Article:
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Realignment of Established Targets and Mechanisms for Delaying or Reversing T1D

Deadlines are 5:00 PM (Eastern). No extensions will be granted.


Milestone Date Status
Letter of Intent Aug 23, 2022 Next
Application Oct 04, 2022
Award Notification Feb 28, 2023
Earliest Start Apr 30, 2023

Background & Purpose

Please click on the “RFA Announcement” link for complete information.

BACKGROUND

There are no cures for T1D, an autoimmune disease characterized by an immune-mediated loss of pancreatic beta cell mass and function, resulting in insulin deficiency and dependency. While exogenous insulin therapy is the only established treatment, people with T1D require constant glucose management. Only 17 percent of youth and 21 percent of adults achieve optimal glycemic outcomes, and people living with T1D face significant risk of long-term complications, mental burden of 24/7/365 disease management, financial burden due to medical care, and loss of income and productivity. According to the CDC’s 2020 National Diabetes Statistics Report, 1.6 million Americas live with T1D in the United States, an increase of nearly 30% from 2017, with cases growing most sharply among diverse populations. New interventions to prevent, slow, or halt disease progression are urgently needed to improve outcomes for the increasing number of people diagnosed with T1D each year.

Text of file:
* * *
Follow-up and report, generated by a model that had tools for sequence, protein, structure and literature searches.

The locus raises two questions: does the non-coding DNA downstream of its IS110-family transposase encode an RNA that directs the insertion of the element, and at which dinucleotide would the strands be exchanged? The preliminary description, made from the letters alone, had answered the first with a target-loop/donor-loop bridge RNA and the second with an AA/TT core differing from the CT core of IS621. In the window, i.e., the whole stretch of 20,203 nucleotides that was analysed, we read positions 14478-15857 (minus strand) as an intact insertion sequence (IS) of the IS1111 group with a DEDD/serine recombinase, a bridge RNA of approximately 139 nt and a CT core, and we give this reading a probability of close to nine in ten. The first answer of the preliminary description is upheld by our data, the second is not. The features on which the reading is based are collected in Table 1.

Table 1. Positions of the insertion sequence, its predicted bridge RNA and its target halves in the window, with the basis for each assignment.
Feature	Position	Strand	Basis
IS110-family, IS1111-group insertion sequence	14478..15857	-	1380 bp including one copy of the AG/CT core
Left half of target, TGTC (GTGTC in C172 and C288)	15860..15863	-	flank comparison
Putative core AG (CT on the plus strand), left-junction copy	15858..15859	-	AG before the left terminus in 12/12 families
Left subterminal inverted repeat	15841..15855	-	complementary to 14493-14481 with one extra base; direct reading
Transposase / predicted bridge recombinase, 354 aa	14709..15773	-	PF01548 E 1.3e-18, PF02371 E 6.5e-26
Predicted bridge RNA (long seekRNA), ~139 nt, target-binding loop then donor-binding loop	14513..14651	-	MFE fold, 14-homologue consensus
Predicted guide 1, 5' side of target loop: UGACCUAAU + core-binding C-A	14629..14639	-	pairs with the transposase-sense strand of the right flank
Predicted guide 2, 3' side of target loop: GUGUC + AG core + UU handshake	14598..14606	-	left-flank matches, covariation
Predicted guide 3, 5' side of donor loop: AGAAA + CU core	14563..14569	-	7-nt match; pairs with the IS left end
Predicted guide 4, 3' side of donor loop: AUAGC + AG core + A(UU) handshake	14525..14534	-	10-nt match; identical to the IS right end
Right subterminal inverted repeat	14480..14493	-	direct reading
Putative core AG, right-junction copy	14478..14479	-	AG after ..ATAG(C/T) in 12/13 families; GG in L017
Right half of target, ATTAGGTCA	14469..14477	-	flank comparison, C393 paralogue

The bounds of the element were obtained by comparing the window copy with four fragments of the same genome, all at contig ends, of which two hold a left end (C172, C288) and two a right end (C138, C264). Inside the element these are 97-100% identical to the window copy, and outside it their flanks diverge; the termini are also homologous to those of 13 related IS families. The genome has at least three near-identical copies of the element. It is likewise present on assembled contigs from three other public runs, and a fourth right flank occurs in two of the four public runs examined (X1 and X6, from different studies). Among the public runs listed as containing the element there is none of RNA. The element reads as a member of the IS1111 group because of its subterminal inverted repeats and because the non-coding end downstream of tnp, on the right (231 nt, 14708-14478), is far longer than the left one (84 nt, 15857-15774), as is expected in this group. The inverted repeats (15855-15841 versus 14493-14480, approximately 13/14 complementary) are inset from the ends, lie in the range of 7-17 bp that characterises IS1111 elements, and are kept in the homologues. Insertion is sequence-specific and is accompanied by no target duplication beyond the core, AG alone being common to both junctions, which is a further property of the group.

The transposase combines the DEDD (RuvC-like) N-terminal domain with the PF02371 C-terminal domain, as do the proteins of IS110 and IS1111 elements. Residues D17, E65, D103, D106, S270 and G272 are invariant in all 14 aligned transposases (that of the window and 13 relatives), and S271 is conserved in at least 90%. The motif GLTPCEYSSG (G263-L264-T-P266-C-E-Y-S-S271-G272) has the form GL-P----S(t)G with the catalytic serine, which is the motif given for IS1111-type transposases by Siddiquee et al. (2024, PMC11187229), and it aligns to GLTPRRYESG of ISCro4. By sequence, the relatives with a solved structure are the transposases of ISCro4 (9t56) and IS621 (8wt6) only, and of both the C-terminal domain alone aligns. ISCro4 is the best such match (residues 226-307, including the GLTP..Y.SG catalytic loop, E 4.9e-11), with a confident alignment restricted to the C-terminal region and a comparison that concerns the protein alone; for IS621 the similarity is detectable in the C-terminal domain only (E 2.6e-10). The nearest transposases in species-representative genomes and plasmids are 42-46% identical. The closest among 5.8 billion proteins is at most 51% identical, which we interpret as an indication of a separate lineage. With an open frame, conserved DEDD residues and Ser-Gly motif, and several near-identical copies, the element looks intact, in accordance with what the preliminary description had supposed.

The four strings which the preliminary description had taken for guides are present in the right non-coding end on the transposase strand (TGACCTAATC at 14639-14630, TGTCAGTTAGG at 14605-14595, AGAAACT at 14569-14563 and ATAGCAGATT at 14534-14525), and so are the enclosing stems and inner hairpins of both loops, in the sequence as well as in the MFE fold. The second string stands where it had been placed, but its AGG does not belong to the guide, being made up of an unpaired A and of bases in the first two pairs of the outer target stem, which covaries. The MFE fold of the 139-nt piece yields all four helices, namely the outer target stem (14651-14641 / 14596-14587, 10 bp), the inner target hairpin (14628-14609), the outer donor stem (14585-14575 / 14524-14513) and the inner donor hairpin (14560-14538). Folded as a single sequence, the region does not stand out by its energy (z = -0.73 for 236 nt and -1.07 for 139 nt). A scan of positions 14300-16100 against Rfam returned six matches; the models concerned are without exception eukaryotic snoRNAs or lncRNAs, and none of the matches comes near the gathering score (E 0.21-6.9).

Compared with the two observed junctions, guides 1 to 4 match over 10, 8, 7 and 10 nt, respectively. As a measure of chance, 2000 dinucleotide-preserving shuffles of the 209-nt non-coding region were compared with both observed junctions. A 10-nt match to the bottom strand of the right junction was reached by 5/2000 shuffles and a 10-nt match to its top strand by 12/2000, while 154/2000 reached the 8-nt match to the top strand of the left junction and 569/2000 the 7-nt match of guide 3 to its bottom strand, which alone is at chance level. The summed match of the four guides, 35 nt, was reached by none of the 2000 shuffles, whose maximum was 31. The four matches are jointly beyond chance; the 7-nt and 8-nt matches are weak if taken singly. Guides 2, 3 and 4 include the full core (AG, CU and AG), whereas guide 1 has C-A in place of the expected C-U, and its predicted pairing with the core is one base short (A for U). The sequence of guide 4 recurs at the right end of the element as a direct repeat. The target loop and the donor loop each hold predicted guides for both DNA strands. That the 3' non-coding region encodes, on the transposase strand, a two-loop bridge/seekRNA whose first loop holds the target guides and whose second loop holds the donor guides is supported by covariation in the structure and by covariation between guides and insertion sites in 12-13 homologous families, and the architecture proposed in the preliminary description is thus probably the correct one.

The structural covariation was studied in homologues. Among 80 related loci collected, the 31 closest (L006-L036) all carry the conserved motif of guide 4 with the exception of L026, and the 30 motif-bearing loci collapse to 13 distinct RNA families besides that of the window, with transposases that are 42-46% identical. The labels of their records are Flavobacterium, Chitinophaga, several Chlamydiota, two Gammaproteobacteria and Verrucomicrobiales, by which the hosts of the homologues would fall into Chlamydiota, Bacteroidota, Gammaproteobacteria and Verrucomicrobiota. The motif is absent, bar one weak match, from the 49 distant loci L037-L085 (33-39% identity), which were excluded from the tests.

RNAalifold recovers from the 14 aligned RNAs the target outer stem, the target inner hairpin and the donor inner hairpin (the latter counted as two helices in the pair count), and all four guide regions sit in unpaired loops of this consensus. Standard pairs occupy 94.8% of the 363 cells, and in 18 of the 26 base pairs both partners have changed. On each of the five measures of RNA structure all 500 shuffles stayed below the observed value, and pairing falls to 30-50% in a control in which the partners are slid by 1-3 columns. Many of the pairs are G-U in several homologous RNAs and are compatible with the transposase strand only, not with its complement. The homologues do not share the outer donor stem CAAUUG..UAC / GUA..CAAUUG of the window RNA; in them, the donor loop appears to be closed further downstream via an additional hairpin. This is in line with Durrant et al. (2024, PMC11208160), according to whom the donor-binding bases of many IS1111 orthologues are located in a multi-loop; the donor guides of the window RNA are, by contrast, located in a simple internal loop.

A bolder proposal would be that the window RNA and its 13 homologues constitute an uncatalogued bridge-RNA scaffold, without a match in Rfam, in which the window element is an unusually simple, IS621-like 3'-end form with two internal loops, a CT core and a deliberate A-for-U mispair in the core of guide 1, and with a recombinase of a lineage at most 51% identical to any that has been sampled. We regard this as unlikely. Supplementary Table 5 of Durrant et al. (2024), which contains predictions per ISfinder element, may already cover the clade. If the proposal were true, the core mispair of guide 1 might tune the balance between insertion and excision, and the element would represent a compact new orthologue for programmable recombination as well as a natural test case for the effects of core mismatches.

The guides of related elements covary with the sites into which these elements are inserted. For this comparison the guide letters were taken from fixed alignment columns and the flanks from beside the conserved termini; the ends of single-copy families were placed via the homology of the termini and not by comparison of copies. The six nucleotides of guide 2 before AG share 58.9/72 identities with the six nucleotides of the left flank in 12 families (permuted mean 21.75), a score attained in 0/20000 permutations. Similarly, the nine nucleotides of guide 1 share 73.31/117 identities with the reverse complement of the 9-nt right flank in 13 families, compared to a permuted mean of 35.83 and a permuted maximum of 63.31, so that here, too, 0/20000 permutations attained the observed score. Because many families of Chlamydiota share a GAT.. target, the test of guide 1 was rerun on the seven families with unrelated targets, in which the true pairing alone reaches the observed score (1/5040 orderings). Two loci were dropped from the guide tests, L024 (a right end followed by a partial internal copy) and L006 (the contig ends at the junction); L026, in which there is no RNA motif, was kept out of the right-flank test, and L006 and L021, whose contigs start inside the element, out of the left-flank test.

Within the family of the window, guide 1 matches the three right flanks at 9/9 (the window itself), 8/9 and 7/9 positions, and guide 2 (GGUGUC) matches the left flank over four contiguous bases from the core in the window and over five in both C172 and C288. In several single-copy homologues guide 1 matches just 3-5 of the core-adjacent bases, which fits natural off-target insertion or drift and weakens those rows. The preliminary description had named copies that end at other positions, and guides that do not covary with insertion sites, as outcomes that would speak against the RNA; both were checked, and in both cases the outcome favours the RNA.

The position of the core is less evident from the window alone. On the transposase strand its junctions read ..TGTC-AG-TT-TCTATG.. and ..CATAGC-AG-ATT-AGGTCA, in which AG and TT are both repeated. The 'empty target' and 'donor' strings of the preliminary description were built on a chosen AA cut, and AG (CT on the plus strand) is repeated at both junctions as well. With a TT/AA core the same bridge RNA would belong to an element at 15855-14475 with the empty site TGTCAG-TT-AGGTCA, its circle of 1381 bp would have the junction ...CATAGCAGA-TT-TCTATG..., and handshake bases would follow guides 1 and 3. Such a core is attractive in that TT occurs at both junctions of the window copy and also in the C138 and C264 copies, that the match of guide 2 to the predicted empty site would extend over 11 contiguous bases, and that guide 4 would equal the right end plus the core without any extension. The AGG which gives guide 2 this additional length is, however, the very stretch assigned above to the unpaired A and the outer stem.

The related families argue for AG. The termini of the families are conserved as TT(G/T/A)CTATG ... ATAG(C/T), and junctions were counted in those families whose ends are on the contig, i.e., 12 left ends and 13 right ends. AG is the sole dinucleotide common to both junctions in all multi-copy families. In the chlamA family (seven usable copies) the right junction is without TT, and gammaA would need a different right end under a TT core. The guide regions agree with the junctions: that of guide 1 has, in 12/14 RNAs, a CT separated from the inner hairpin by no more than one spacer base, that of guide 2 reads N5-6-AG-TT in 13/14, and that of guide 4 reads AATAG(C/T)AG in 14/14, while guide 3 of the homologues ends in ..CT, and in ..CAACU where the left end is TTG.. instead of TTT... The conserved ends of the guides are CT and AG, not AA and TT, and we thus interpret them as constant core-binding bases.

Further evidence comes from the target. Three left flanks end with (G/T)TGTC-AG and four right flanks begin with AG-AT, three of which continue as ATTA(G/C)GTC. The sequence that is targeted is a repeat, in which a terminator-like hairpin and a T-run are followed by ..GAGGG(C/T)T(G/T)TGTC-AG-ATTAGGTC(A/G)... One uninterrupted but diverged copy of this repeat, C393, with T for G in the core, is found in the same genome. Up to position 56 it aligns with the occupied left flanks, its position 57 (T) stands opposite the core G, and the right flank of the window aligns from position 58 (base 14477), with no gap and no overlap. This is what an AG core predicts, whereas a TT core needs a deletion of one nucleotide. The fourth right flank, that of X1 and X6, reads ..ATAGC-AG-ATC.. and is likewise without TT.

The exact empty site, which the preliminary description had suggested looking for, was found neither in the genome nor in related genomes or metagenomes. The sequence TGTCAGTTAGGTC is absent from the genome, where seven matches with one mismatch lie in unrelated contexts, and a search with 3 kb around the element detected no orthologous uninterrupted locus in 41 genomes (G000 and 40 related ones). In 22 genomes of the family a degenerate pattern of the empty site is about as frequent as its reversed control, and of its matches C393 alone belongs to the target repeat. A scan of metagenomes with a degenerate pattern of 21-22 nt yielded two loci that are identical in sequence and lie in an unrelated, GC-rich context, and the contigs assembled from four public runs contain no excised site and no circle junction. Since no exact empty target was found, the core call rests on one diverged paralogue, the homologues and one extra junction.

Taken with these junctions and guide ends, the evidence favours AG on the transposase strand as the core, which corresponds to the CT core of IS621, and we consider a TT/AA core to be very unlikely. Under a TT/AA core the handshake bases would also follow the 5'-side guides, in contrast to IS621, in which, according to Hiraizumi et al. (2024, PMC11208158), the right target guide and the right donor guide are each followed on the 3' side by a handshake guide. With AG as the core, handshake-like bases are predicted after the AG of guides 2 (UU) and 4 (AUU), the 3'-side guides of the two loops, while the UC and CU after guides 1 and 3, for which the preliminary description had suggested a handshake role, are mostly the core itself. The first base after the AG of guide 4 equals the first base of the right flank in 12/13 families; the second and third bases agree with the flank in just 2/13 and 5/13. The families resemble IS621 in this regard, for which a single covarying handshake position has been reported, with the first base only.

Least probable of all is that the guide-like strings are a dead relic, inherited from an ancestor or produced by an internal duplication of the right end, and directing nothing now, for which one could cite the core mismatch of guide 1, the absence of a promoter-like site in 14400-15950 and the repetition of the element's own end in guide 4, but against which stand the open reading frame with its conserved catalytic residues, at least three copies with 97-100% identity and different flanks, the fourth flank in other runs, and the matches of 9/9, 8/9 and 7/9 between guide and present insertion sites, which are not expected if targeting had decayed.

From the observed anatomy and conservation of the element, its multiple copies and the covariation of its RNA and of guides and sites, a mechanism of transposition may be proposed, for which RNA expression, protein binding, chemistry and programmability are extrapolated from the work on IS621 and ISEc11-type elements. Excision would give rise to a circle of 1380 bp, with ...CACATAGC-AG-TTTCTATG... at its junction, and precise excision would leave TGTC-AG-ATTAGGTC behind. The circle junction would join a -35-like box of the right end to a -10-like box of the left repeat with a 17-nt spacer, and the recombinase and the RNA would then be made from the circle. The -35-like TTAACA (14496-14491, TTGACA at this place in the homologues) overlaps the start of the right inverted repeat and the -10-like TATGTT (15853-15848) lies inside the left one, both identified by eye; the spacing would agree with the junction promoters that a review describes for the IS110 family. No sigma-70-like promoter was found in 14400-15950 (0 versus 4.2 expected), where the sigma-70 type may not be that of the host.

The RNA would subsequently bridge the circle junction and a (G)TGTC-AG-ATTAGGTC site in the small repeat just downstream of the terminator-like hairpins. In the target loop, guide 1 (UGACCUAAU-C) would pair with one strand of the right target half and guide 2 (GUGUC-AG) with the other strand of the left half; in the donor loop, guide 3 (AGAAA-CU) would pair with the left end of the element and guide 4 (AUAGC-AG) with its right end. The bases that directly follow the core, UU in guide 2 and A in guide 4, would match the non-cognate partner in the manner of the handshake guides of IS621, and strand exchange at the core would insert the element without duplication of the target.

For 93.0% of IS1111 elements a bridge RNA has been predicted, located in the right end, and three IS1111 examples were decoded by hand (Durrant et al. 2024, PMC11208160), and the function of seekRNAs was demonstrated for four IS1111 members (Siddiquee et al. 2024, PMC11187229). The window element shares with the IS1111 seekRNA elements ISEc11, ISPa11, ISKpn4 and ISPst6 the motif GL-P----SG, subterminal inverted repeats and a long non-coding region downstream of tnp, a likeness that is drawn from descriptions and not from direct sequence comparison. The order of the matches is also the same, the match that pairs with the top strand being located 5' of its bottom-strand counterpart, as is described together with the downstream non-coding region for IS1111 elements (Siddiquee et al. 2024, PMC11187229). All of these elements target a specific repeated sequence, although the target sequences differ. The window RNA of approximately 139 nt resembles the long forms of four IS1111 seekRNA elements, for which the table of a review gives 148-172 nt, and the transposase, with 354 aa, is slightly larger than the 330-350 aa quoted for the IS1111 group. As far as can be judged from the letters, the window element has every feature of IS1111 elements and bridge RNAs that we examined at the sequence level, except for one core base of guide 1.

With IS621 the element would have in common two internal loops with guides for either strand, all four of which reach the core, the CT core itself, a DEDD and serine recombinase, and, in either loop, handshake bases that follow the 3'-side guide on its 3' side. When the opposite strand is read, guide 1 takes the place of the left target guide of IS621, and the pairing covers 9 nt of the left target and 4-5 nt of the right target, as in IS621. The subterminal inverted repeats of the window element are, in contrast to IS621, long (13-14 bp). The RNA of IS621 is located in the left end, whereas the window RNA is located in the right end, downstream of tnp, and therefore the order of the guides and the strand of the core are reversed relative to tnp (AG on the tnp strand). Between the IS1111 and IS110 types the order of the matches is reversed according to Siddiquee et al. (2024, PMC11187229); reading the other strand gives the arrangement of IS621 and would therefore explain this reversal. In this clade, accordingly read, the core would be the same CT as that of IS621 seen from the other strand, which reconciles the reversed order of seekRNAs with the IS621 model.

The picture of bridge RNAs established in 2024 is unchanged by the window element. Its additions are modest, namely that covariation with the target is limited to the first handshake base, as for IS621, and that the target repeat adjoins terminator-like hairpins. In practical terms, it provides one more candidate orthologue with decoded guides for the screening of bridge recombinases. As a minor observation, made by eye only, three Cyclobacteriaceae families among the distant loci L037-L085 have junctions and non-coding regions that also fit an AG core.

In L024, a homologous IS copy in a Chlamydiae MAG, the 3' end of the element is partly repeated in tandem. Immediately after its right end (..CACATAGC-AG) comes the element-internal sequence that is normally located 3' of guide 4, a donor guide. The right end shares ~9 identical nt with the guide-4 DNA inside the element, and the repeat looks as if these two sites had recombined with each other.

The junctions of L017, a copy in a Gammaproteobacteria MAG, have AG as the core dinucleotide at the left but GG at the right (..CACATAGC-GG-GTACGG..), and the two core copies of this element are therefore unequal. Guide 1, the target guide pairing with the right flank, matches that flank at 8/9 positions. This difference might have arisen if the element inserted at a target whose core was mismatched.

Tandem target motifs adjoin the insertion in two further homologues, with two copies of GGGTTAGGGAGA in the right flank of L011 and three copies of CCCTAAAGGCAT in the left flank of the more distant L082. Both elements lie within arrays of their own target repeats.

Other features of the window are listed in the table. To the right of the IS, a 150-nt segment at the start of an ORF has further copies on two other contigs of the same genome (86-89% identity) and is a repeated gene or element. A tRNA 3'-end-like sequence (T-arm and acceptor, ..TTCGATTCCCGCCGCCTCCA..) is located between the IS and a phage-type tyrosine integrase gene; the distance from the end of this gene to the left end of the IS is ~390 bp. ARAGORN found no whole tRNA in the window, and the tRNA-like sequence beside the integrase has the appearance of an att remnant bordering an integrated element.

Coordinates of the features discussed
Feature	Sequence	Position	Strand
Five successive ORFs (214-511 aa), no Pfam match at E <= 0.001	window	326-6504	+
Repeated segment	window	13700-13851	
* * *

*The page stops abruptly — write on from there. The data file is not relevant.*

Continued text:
The JDRF Cures Program strategy for disease-modifying therapies is to develop treatments that prevent, halt, or reverse disease progression by rebalancing the immune system and preserving or regrowing beta cells. T1D is a complex disease, suggesting success in treatment and prevention will be based upon a variety of targets and pathways. In a recent phase 2 clinical study, efficacy in the reduction of insulin dependency was observed using golimumab, a TNFα inhibitor with FDA approval for autoimmune indications such as forms of arthritis and Crohn’s disease. Therefore, there is a clear precedent for the successful realignment of therapeutics from other autoimmune diseases for assessment in T1D. In addition, checkpoint inhibitor therapy for cancer, such as the anti-PD1 monoclonal antibody, is associated with increased diagnosis of T1D within 3 months of treatment, indicating a connection between immune interventions in other diseases and the onset of autoimmune diabetes. This highlights an opportunity to explore the onset of T1D from novel perspectives and disciplines, with the potential to identify previously unidentified targets or strategies for disease modifying therapies.

To view the informational webinar that took place on July 26th, please click here.